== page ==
How,
oh how, oh how? That was the only question after Germany’s former world
No. 2, Tommy Haas, took Roger Federer to five sets at Melbourne Park
last night.

Anybody watching the first two sets would have bet
everything they owned on a straight set result. Federer had snatched
the first set with one break point opportunity, and then danced through
the second set, 6-0.

One shot was dazzling. A set up and now at
2-0 in the second, Federer cracked a deep return off Haas’s serve. Haas
fired back a respectable forehand, deep enough with plenty on it, and
Federer poker-faced, looked down the backhand line, swung and sweetly
cracked the most outrageously angled cross court forehand to the
opposite line.

It was a shot that few players in history would
dare attempt and Federer almost yawned after it landed. In the
commentary box, John Alexander and Jim Courier – a former No. 1 and no
slouch, but dogged, not an artist – could merely laugh. Finally
Courier, watching the replay, which showed the angle of the strike and
how far inside the line this outrageous winner had somehow been, sighed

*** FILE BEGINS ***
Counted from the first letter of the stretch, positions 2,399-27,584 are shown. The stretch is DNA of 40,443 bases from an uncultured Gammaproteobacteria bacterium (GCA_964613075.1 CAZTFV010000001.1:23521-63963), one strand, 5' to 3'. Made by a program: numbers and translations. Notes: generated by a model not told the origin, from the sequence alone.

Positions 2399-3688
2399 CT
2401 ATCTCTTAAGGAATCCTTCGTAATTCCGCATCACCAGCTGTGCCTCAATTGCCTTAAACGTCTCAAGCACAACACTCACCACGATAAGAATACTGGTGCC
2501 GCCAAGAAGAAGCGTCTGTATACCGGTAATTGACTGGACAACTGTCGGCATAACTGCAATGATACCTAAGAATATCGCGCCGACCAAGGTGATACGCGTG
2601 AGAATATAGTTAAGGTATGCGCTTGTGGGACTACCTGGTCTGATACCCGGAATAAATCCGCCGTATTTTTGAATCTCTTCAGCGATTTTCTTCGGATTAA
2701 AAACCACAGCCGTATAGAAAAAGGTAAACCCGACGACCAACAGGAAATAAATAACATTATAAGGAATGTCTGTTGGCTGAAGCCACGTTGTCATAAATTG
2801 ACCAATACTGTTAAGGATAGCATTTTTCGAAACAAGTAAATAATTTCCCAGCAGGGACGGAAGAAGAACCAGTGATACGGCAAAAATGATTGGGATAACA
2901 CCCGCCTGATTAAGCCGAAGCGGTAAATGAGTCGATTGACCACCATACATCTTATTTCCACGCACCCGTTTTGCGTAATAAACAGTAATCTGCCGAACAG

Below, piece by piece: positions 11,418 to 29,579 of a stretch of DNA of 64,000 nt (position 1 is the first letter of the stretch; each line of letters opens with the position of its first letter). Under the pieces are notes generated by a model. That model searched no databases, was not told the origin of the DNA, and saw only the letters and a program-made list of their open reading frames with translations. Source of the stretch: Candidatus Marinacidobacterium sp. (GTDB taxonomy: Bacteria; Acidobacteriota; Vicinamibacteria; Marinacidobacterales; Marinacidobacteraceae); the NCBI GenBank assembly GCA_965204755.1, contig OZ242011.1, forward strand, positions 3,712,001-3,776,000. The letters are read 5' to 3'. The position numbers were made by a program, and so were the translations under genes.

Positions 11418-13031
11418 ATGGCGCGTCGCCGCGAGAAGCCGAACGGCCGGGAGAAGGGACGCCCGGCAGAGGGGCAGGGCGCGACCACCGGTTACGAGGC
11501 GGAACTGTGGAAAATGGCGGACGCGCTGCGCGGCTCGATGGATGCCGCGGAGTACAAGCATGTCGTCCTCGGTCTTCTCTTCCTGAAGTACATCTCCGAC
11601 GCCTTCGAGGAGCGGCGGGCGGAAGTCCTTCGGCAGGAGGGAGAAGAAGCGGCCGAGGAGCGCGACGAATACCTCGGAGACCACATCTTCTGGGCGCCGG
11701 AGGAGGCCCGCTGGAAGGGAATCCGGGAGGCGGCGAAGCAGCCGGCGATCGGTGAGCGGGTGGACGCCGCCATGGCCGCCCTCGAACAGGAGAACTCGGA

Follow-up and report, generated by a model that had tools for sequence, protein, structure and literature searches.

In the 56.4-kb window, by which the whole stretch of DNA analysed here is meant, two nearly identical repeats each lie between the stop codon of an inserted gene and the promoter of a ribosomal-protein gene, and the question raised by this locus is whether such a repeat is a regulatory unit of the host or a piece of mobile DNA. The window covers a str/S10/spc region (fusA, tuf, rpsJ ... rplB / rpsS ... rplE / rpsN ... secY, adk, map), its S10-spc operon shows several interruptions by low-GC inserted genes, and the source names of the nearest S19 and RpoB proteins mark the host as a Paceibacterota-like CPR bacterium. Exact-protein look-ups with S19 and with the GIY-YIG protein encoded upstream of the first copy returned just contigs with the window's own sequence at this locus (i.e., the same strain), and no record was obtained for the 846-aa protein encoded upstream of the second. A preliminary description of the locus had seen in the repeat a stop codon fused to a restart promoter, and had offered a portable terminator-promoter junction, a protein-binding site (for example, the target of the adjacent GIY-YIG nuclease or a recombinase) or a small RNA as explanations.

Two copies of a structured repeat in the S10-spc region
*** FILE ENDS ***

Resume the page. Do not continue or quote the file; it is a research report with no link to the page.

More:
and said: “That’s pretty good.”

It looked like a knock-out blow
yet Haas scrapped and hustled and somehow turned the match around,
eventually losing 6-2 in the fifth. It was a heroic performance that
will give the German heart that he can be top five again.

Sadly for
the rest of the field, Federer being forced to really slug it out on a
relatively cool night will only sharpen him up for the journey ahead.
Federer always looks most vulnerable when he is in cruise-control and
drops his guard. Now, with last night’s scare pumping his blood, he’ll
be fully charged.

David Nalbandian would appear to be the most
likely man left in the draw to threaten him, but the reality is that if
Federer can rediscover the touch and inventiveness of last night’s
second set, he’s in a class of his own.

Peter Fray

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